Colorado is a tough place to garden - dry and a very short growing season. Next year I'll have a bigger garden.

I'll also try that 1-800 number and advocate for small local farmers!


12:08 PM  
Blogger Llama Momma said...

Thank you for bringing this up!

Another important way to be involved is to support any local farms in your community. Join a CSA and let your dollars talk! I was too late signing up this year and every slot was taken...what does that say?

Visit the farmer's market, if you've got one, and talk to the people growing your food. Spend your money there...even if it's a liittle bit more expensive. My children don't like all veggies from the store, but they put "farmer grown" veggies in a different category. Twin A. started talking to another kid at the farmer's market on Saturday, and the kid was telling his mom he hated peppers. Twin A -- who does not like peppers from the regular store -- piped up and said, "Oh, you've GOTTA try these. These farmers grow the best peppers. They're sweet, like candy. I'm dead serious."

We vote with our voices and our dollars.

12:34 PM  
Blogger L.L. Barkat said...

D. .... welcome to Seedlings! Nice to have you stop by. You bring up the interesting point about food security, which even goes beyond the poisonous ingredients question and is influenced by practices of mono-cropping (think Irish potato famine, caused by mono-cropping of potatoes, one type in particular, as mandated by England at the time).

When we legislate an environment that supports mono-cropping then, we reduce crop diversity and promote food security problems.

Oh, zucchini. Well, now you know! :)

Llama... great story about the twins. Reminds me of my "Formerly Known as Delicious" post over on Green Inventions!

You bring up an excellent point about the impact of our everyday voice through our dollars. Thanks on that! I wonder what the equivalent strategy could be, to support the world's poor farmers globally? I'm not sure that fair-trade organic purchase is as weighty as a change in U.S. farm policy. But it probably plays a small part.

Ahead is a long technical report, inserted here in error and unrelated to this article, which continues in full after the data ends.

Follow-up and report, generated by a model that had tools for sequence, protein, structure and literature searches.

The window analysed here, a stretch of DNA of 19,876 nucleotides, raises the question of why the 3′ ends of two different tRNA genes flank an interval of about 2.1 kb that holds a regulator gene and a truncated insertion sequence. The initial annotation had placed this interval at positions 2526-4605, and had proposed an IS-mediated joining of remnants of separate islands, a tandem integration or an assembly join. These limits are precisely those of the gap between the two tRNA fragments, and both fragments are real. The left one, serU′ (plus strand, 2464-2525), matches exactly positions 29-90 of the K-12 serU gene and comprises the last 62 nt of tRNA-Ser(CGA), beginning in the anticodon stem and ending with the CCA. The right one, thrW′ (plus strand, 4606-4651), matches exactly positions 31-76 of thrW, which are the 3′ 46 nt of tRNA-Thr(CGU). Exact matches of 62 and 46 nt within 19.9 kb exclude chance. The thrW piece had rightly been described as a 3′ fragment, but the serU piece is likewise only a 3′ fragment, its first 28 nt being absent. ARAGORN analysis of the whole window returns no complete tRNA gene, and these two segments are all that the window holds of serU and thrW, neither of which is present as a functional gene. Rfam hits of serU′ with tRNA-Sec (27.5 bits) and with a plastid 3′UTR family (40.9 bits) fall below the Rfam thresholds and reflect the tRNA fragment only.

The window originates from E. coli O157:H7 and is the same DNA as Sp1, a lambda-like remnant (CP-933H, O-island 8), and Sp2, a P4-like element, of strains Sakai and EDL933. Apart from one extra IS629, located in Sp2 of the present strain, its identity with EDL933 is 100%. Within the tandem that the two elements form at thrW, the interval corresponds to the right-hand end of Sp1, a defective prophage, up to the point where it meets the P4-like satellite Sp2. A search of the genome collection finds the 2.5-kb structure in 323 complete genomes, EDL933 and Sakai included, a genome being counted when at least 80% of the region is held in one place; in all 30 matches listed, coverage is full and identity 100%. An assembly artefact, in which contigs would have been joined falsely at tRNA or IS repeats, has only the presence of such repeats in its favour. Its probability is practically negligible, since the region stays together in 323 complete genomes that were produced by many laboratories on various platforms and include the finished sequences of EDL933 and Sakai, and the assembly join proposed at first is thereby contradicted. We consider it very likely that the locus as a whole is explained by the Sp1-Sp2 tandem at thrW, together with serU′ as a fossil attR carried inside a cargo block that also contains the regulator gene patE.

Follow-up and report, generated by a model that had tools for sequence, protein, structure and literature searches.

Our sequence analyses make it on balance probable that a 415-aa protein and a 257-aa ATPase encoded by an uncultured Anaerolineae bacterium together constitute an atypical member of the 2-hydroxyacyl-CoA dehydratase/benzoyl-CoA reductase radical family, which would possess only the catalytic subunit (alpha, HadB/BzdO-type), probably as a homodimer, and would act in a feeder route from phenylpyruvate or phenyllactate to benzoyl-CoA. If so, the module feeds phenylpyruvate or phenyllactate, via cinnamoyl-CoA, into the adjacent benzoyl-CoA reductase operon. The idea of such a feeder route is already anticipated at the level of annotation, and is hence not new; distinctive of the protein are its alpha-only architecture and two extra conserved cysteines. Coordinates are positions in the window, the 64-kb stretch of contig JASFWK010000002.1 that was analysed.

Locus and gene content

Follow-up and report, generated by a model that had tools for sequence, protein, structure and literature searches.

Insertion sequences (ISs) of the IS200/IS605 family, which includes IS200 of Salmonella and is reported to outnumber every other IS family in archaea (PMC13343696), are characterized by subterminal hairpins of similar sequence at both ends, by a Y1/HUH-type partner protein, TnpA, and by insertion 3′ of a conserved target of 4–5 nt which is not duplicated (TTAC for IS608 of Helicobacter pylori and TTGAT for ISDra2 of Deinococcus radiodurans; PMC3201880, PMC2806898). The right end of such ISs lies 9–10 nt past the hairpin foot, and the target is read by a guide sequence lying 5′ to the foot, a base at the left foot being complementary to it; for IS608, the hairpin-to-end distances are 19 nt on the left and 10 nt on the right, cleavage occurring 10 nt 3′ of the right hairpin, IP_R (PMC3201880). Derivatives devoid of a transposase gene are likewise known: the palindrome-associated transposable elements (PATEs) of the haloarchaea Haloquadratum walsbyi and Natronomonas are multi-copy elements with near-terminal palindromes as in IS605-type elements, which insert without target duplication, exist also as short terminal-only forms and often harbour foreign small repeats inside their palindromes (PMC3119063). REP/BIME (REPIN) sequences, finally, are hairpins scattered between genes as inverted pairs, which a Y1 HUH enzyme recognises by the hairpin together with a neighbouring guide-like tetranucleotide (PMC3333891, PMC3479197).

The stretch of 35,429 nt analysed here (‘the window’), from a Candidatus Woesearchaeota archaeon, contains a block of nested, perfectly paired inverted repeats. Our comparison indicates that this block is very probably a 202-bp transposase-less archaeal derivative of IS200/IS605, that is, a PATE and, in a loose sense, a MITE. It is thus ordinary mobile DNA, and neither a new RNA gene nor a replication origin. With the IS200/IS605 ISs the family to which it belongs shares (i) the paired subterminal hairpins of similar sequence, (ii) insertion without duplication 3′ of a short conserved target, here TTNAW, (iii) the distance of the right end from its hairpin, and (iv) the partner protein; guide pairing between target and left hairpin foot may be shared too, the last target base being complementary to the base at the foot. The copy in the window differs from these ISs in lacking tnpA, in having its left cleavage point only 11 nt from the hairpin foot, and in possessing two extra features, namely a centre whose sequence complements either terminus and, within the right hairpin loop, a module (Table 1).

In any case, I realize while I write this that the whole issue goes even beyond food security (see comment above) and extends to national security. Vulnerable economies, poverty, and hunger across the globe, exacerbated by our very own Farm Bill policies, surely play into the whole U.S. national security dilemma.

1:18 PM  
Blogger angela said...

THANK YOU for this information. I had no idea this was up for discussion. I am going to call right now. And thanks for thinking of me. Have a lovely day.

1:18 PM  
Blogger Zayannee said...

I saw your concern with the Farm bill on another blog so I decided to visit yours! Just so you know on my blog I have a direct link that basically writes a letter to your local news paper informing your area of the farm bill. My family are small time farmers and its really important to me to support them and say boo to big time huge production farmers.

Also if it makes a difference to anyone, did you know that cows digestive systems are not made to digest the feed they are given to fatten them? it causes sickness and bad meat... when you pick it up from Wal-mart guess who else gets sick? Thats right you do! So support your local farmers because chances are those cows are put to pasture which = healthy happy cows!